ULAE has the capacity to print in a number of techniques from lithography to screenprinting. What are your thoughts on the relationship between traditional printmaking techniques and digital processes?
The question of digital processes comes up often. Scholars shunned it at the beginning – some still do. ULAE took another path. From the very beginning, we decided to embrace the medium – to explore it in every way possible, to work with the companies developing the inks and the papers so we understood its possibilities. We also purchased a Phase 1 digital camera (which had a digital scanning back) and this opened up so many possibilities. As soon as we could purchase a large scale digital printer, we did. We began experimenting with all of the equipment so that we would be able to teach artists how to work with the medium. Our first print incorporating the “digital” medium was The Sun by Carroll Dunham in 2000. We printed yellow with the digital printer and then soaked the paper and laid down an etching plate on top of it. It was ground breaking. After that, Jane Hammond had an idea to photograph herself with the Phase 1 camera, then digitally place tattoos all over her body. While she worked with a printer on scanning her lexicon of images and placing them on her body (this was years before Photoshop was as easy to use as it is now, so it took days to work out how to wrap the tattoos around her legs/arms to look natural), we collaborated with a Japanese papermaking company to develop a handmade paper that could handle the ink. The result was a life-sized image of a tattooed woman from behind. Most recently, we worked digitally with Lisa Yuskavage. She was having a hard time creating the rich color so prevalent in her paintings in printmaking. She and my father worked closely for months on a group of images: first she drew on litho stones, then we printed them, scanned them and blew them up. Finally, we printed them digitally with all sorts of color variation in the background. She loved them and used them as a base for pastel drawings. Digital printmaking is a marvelous tool as far as we are concerned!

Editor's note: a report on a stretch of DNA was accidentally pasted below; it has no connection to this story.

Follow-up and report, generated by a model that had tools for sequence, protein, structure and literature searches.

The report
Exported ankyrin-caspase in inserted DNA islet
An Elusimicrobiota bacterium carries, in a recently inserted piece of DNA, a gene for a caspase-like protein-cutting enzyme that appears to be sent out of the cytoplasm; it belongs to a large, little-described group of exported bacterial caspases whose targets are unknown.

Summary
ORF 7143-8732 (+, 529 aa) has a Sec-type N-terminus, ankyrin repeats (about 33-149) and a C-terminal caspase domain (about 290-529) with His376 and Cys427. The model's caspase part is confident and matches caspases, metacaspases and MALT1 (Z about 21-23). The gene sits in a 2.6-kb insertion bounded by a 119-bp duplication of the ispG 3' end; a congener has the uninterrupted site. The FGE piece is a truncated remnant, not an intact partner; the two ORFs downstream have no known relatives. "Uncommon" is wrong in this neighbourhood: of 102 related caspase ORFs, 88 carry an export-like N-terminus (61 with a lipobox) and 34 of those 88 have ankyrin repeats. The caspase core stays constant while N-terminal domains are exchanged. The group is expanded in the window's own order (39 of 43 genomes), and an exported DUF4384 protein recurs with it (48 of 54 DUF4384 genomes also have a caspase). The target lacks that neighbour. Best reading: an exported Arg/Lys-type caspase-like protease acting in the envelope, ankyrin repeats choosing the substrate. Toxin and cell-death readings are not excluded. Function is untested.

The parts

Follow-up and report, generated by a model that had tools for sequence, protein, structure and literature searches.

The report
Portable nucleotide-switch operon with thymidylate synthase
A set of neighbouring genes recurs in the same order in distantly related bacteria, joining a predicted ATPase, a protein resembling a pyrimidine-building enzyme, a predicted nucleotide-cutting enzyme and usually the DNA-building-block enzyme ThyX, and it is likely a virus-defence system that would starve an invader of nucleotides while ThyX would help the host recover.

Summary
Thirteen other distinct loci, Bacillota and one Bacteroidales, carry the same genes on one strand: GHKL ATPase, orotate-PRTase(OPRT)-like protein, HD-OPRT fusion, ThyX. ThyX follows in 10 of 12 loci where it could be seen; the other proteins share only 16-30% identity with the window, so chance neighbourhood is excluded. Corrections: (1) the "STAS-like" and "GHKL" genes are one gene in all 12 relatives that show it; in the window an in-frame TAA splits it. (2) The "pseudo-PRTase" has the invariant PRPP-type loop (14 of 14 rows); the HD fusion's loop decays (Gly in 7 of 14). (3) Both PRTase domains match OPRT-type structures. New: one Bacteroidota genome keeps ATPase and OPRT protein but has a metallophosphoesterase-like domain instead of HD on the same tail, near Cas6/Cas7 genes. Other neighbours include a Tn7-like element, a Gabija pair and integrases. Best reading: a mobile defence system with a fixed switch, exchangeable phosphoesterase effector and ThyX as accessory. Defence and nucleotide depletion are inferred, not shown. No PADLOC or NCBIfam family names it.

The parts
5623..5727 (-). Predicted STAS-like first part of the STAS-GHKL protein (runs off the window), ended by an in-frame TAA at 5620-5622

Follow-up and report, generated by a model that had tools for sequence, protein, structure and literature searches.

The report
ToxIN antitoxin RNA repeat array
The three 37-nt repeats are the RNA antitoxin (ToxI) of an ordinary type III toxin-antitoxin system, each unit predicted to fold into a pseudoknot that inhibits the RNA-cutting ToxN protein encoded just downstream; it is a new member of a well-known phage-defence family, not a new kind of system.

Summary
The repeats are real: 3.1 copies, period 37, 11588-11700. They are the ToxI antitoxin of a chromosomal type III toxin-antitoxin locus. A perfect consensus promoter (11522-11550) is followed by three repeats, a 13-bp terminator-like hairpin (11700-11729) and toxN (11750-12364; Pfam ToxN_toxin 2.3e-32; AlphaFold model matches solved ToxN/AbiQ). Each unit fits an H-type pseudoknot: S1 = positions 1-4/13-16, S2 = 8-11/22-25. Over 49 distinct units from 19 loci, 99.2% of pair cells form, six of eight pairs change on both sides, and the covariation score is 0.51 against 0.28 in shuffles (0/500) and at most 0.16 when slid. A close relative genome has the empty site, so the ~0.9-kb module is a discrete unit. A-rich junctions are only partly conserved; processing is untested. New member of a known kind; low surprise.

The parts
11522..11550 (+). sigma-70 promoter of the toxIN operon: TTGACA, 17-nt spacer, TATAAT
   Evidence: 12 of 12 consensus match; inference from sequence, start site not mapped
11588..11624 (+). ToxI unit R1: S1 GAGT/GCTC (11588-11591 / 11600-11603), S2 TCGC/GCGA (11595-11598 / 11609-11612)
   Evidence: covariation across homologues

What projects are you excited to be working on right now and/or in the coming months?
We have so many incredible projects that we either just finished or that are in the works. Just before the COVID-19 crisis, we finished a Martin Puryear lithograph and a set of 9 etchings with Kiki Smith. We also finished a couple of Carroll Dunham lithographs. We have four magical prints with Charline von Heyl almost finished. We are just beginning production on a set of Christopher Wool etchings and a new project with Wyatt Kahn incorporates 18 panels printed on one sheet – each using a different form of printmaking. Marina Adams continues to make fantastic painting/prints on handmade paper. Eddie Martinez is working on monoprints. And I have a few secrets in my bag …new artists that I recently approached about working with ULAE.  

Eddie Martinez, Fine Ants (Black Out), 2018
Martin Puryear, Untitled, 2020
Kiki Smith, Promising, 2018